3.6. Creep and creep recovery can be obtained. Therefore, the base binder and polymer type affect
the creep and creep recovery behaviors of each modified binders.
Creep defined as the slow deformation of a material measured
under a constant stress, is typically used to characterize the recov-
ery properties of an asphalt binder. In a creep test, a fixed shear 3.7. Frequency sweep tests
stress is applied to the sample and the resultant strain is monitored
for a predetermined amount of time. This gives an idea of the per- The frequency sweep tests were performed under a frequency
manent deformation that the binder will undergo [22]. Generally, if from 0.01 to 100 Hz and the overall frequency sweep tests were
the material is ideal elastic and this elasticity has not been run with the 25 mm diameter and 2 mm testing gap geometry at
destroyed by the creep test, it may recoil back to its original posi- 64 °C and 76 °C in this research. The frequency sweep tests at var-
tion. Otherwise, it will stay where it is [22]. ious frequencies could identify the linear viscoelastic response of
Fig. 7 shows that the creep and creep recovery curves of all bin- the binders.
ders at a 1 s loading duration and 9 s unloading with a pressure of As shown in Fig. 8, it can be observed that the increased fre-
10 Pa at 64 °C. It can be seen that, all binders have obvious recovery quency results in an increase of complex modulus and a reduction
characteristics after the loading was removed at 1 s regardless of of phase angle for all modified binder regardless of base source and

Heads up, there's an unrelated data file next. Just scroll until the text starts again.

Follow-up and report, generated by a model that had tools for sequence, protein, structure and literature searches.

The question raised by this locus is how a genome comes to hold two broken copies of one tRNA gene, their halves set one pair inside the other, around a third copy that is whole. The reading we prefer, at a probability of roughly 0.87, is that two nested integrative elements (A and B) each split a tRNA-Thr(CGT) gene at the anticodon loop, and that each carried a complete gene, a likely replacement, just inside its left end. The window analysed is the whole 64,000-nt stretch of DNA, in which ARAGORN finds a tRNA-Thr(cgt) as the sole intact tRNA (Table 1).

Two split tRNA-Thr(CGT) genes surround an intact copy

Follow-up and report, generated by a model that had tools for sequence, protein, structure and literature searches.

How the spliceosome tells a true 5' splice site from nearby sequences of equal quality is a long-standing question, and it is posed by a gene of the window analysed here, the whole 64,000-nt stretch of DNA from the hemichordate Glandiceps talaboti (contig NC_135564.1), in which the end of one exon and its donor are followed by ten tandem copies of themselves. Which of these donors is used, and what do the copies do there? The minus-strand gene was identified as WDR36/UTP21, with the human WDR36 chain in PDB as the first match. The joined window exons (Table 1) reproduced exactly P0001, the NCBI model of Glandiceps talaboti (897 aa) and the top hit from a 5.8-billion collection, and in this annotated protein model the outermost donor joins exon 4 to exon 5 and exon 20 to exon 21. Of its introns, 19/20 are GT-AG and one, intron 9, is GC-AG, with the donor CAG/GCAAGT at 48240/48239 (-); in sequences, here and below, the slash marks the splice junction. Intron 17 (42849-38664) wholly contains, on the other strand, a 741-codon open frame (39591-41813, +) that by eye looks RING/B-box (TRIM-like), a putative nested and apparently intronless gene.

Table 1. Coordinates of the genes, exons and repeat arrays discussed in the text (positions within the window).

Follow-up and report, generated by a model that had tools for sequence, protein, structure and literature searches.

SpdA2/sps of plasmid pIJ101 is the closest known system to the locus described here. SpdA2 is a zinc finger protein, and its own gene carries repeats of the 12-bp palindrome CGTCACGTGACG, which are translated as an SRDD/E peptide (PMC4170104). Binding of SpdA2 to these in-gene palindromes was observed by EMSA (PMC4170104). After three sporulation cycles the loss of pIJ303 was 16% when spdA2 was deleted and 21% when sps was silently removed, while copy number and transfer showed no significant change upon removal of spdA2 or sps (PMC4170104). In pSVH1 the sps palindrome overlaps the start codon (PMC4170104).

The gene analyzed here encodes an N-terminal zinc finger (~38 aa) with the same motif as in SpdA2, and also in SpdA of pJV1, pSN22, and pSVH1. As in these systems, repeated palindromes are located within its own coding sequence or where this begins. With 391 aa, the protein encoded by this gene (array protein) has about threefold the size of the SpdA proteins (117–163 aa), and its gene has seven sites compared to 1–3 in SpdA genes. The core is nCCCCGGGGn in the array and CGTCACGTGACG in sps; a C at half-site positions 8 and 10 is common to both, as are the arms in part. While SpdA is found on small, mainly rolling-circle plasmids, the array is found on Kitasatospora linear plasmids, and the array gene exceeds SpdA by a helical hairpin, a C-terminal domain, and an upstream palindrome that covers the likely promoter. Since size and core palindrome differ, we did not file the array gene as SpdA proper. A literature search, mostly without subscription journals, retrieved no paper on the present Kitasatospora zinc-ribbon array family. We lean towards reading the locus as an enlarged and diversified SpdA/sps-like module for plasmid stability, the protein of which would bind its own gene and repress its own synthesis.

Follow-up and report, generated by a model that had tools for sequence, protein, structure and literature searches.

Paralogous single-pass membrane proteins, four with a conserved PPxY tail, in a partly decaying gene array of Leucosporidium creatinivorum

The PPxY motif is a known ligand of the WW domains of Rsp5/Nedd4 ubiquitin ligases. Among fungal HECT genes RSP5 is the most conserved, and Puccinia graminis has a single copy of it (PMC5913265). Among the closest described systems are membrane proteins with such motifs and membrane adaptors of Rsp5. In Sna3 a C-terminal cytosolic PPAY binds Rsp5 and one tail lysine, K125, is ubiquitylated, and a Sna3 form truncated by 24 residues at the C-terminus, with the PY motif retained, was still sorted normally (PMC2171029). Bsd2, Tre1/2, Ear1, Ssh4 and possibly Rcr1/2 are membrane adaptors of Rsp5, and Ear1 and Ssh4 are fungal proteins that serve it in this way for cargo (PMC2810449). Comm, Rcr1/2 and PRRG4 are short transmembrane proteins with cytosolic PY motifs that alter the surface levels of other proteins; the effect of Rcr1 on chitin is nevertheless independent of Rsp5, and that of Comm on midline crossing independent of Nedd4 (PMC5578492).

binder source and polymer type. In addition, the compliances of polymer type in this study. As the test frequency increases from
all binders are less than 0.001(1/Pa), having a relative higher defor- 0.01 to 0.02 Hz, the reduction of phase angle is more noticeable.
mation resistance. With respect to the effect of asphalt binder, in Fig. 8, it can be
1020 O. Xu et al. / Construction and Building Materials 93 (2015) 1012–1021

10000 AP0 AP1 AP2 AP3 AP4 AP5 10000 BP0 BP1 BP2 BP3 BP4 BP5

1000 1000
Relaxation spectrum(Pa)

Relaxation spectrum(Pa)
100 100

10 10

1 1
0 20 40 60 80 100 0 20 40 60 80 100
Time(second) Time(second)
(a) (b)
10000 CP0 CP1 CP2 CP3 CP4 CP5 10000 AP0 BP0 CP0 TB LB

Relaxation spectrum(Pa)
Relaxation spectrum(Pa)

1000 1000

100 100

10 10

1 1
0 20 40 60 80 100 0 20 40 60 80 100
Time(second) Time(second)
(c) (d)
Fig. 9. Relaxation spectrum values of RTFO aged combined polymerized asphalt binders under a frequency sweep test, (a–c) binders A–C, (d) terminally and laboratory
blended binders.

found that, in most cases, similar trends and approximate complex controlled strain of 10% and a test temperature of 64 °C. In addi-
modulus values of modified binders can be observed at a varying tion, these relaxation spectrums generally decrease slowly when
frequency from Fig. 8(a)–(c), but the phase angles of the modified the decay time starts from 6 to 7th second. In Fig. 9, it can be noted